Comments from Dan Carson on the Fiscal Impact of Nishi

Finance and Budget Chair Dan Carson spoke last week on the fiscal impact of Nishi and explained his commission’s vote.

Good evening commissioners.

For the record my name is Dan Carson. I’m Chair of the Finance and Budget Commission. Our commission reviewed this project and it’s not in our jurisdiction to recommend approval or not, but we did review the fiscal impacts as regards to the city.

Some of the public comments I’ve seen online, there is a lot of confusion about what we’ve said. I just wanted to put it clearly on the record that by a 5 to 2 vote, after extensive discussion and public testimony, we did conclude that the city staff’s model which showed $13 million dollars in one time fiscal benefits from this project, a modest net fiscal benefit on an ongoing basis each year, we considered those conclusions to be reasonable.

We point out in our analysis that there’s different scenarios that would make the project look better on an ongoing basis. For example, if the parcel tax package approved by the council last night were to be approved it would significantly change the numbers in the positive direction. But of course if that parcel tax were rejected it would move it a little bit the other direction as well.

There are important changes in the development agreement, it’s not a final document, we get back the $350,000 dollars that the city front-ended for pre-development costs a few years back. There’s some additional monies. There’s also credits that are provided for some of the transportation improvements.

Our general recommendation to the council has been: get a residual land value analysis so that we know what you should be bargaining for with all these amenities, but also assuming the increase in the value of the land to the applicant the city should get the maximum that it can while still retaining, of course, a viable return on investments so that they can finance this project. Try to strike that balance, is what we’re urging the council to do.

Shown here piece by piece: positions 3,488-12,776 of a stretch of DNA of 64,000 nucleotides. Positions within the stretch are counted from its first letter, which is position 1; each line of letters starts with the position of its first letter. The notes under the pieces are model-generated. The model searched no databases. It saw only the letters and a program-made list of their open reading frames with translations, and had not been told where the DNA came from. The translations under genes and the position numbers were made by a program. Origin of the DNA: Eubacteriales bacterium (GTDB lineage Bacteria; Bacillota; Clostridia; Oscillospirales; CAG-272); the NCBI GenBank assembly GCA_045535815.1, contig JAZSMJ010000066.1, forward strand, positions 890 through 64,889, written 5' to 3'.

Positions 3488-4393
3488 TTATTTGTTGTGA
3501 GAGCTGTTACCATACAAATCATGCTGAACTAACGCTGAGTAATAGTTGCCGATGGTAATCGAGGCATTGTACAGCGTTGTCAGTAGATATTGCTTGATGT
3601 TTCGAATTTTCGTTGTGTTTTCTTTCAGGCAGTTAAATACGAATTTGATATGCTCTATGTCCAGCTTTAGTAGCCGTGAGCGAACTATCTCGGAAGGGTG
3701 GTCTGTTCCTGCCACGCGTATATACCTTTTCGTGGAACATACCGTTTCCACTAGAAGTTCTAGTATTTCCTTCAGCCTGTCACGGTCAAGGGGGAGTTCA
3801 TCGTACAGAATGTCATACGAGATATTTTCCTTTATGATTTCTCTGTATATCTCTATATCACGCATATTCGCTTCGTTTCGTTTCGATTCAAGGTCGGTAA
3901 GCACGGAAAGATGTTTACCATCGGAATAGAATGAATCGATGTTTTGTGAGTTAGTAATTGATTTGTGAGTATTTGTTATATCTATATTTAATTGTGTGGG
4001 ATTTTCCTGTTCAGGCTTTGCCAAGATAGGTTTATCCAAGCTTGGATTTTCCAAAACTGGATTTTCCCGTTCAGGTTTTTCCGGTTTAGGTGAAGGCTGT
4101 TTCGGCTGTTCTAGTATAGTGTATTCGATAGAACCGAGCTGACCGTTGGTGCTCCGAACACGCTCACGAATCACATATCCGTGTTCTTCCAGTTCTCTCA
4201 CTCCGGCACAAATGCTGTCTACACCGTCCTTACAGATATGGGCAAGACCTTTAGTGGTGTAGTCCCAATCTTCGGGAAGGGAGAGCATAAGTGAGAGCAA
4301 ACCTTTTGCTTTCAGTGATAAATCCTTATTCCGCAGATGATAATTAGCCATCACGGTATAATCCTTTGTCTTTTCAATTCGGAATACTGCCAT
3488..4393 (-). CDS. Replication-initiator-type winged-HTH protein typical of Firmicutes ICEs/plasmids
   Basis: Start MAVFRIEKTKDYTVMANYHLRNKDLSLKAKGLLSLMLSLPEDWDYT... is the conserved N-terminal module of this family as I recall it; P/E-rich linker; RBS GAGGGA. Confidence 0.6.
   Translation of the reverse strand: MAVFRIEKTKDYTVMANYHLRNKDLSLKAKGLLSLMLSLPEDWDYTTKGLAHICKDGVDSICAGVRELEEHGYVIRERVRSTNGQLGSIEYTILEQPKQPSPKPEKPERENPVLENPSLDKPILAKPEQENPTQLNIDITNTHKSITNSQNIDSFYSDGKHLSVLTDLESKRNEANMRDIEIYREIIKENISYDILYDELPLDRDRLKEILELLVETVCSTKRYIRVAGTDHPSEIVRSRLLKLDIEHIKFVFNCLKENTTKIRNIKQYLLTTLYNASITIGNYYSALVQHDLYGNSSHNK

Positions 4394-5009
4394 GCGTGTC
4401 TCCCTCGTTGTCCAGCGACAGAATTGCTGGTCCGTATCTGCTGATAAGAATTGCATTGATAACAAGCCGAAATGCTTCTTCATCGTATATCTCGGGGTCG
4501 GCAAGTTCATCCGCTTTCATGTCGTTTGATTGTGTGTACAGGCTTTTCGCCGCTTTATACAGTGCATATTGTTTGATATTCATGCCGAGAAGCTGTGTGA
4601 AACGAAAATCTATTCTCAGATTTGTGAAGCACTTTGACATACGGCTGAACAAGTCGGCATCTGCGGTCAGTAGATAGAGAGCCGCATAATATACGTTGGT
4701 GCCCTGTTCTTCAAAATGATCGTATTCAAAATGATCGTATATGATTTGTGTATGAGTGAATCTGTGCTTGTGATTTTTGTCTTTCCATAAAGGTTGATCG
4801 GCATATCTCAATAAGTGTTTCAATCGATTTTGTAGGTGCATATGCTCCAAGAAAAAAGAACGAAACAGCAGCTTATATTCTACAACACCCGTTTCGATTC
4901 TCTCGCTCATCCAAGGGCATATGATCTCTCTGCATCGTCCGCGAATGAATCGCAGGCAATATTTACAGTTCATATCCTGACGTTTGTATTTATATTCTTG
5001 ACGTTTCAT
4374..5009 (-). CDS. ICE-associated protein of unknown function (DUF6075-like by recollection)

The commission voted 5-2 on a motion in which they found: “We also generally concur with the estimate that annual ongoing revenues and costs for the city from the project would be modestly net positive over time.”

According to the staff analysis: “The Nishi project is anticipated to be revenue positive according to the fiscal model analysis. The project will contribute property taxes to the City’s General Fund based on the value of the property. The new property tax revenue for this project would be $2.6 million over 15-years with a valuation of $266 million and a tax rate share of 6.9275%. If the tax rate share went to 10.3912%, the revenue over 15-years period would be $3.9 million. Sales tax revenue over 15-years is $ 2.8 million.”

Staff finds: “Over a 15-year period, the project will contribute $13.8 million in revenue projections while expensing $12.2 million in expenditures. Parks, greenbelts, street trees, all residential street and connectors will be maintained by the development.”

As the commission notes, “the commission did not have available to it a complete and detailed description of the project, a supplemental environmental analysis, or a development agreement with the city. Therefore, any conclusions we have reached should be considered preliminary and subject to change and our commission will continue to review these numbers.”

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Disclaimer: the views expressed by guest writers are strictly those of the author and may not reflect the views of the Vanguard, its editor, or its editorial board.

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  1. Ron

    Nah – it’s not worth going through this, again.

    Don and David – I may/may not just paste the conversation from the other day (including those from Matt, if you push this). And, we’ll all waste a lot of time and energy, again. For no reason.

    In any case, the commission has not completed its analysis. That’s noted in the motion, itself. And, Dan Carson tends to be the most “optimistic” of all the commissioners.

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